Ethiopia Guji

From: $18.00

SIDAMA, ETHIOPIA
Producer
Teshome Gemechu washing station
Region Sidama, Ethiopia
Cultivar Heirloom
Elevation 1850 masl
Processing Washed

UPON TASTING
Yellow peach, earl grey, honey


This washed Ethiopia was brought to us from our partner Keffa, a private exporter in Ethiopia with a priority in supporting and sustaining the people behind the beans by working with origin partners who pay higher than average wages and who treat workers fairly. With their vast experience and decades long relationships, they are bringing in coffees of the highest standards.

For Ethiopian coffees, Grade 1 and 2 signifies that the coffee is washed and specialty grade. Also, the difference between grade 1 and 2 is defined by the number of visible defects in the prep sample. If a coffee receives a grade 1 classification, it has 0 – 3 defects; this is rare! Grade 2 coffees allow 4 – 12 defects. Typically the quality of washed coffees is more consistent than that of unwashed coffees. Grade 3 and 4 coffees are natural or unwashed and have a higher occurrence of defects. Crazily enough it’s not uncommon for a Grade 2 coffee to have a higher cupping score than a Grade 1 which makes this system often seem convoluted.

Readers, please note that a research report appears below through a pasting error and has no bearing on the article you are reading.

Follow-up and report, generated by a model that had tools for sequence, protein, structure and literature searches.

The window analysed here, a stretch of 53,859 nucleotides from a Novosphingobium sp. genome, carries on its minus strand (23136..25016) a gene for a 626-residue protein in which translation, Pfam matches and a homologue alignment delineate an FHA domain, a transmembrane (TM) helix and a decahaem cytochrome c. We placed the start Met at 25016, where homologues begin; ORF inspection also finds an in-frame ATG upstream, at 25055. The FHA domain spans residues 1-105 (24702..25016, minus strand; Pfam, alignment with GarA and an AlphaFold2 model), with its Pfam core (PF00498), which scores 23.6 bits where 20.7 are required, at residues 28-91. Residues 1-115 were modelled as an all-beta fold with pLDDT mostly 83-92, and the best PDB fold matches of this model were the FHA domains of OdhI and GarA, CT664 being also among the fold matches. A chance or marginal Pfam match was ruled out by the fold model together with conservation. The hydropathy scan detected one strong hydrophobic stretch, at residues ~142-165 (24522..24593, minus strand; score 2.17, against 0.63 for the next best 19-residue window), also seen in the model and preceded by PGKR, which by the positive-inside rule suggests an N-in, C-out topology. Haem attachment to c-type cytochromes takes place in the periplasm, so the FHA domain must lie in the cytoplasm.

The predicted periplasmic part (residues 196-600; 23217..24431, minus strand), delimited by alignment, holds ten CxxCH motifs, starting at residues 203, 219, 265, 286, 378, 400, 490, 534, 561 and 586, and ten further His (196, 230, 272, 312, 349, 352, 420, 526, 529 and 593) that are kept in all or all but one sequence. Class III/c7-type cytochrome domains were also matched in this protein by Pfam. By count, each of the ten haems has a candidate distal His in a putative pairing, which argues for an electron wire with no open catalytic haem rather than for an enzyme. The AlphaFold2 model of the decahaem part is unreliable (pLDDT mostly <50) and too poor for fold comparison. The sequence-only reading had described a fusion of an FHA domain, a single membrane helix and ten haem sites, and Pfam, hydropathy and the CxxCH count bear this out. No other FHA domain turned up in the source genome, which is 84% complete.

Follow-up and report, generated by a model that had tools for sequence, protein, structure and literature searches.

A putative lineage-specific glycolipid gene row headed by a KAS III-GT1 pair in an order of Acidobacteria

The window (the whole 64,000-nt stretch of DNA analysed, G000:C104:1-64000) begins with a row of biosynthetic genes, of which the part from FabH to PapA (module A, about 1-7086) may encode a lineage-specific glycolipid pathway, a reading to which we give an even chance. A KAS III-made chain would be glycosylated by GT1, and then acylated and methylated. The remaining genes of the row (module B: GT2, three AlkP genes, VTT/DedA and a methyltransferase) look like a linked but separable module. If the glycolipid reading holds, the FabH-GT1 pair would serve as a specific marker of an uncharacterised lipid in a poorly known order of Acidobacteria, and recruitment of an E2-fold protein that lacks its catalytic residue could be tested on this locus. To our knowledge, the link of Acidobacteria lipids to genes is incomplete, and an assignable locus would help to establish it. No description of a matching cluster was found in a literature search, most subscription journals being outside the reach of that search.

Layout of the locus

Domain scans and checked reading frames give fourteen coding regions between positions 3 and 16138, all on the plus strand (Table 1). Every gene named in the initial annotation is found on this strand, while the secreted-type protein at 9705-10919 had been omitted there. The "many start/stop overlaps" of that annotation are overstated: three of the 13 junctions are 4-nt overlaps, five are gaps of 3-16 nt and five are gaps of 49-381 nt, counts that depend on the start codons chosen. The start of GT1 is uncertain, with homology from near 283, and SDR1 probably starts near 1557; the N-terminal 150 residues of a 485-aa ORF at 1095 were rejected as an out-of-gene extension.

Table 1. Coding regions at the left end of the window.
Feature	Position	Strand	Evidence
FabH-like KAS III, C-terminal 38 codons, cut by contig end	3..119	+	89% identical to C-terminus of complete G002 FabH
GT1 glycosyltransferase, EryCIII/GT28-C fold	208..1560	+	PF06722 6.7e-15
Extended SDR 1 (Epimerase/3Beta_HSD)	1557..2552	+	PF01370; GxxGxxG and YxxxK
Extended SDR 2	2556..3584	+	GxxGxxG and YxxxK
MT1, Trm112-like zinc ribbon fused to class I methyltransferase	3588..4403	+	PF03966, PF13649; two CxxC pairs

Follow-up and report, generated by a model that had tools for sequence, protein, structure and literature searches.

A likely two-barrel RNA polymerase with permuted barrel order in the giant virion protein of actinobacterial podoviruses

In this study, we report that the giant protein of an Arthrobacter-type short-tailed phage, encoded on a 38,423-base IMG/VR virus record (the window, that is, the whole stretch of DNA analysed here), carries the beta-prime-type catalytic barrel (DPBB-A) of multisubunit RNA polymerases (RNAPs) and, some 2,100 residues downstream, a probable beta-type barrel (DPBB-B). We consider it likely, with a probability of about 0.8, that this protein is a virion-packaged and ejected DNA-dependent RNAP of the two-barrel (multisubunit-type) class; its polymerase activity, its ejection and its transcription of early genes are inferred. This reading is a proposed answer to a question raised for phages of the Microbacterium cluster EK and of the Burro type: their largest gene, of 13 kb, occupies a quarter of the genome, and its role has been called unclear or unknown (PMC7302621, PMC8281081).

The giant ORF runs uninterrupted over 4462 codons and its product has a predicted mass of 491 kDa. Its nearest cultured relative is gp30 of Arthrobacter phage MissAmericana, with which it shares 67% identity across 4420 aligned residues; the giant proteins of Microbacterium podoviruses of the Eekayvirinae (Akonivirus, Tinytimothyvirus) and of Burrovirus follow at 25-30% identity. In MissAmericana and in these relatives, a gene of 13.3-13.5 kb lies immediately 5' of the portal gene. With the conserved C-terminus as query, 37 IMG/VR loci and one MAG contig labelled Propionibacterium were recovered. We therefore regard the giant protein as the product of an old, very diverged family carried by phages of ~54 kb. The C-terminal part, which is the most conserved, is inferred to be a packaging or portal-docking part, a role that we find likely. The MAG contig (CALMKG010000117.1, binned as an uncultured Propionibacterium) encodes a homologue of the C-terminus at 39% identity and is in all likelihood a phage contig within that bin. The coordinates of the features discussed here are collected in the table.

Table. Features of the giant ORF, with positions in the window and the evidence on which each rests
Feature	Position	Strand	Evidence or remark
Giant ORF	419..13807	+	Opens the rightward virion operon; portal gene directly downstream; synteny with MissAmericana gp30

Washed process coffees are common in this region of Ethiopia, where there is plentiful water to process the coffee, unlike some dry regions where the coffees are all natural or dry processed. After the carefully selected ripe cherries are picked and sorted free of visual defects they are taken to a washing station (wet mill) where their skin is removed or depulped. In the next phase of the washed process, the coffees (now coated in a sticky mucilage) will be soaked in a large fermentation tank for up to 3 days, where the sugars of the mucilage will be broken down enabling the coffee to be washed by soaking it in clean water for up to 12 hours. After being dried on raised beds for around 2 weeks to 11.5% moisture content, the coffee now with one last layer of skin (parchment or husk) will be transported to a dry mill. This last step of the processing is where the parchment will be taken off and the coffee prepared for export by being sorted free of defects one last time, then put in plastic grain pro and jute bags.

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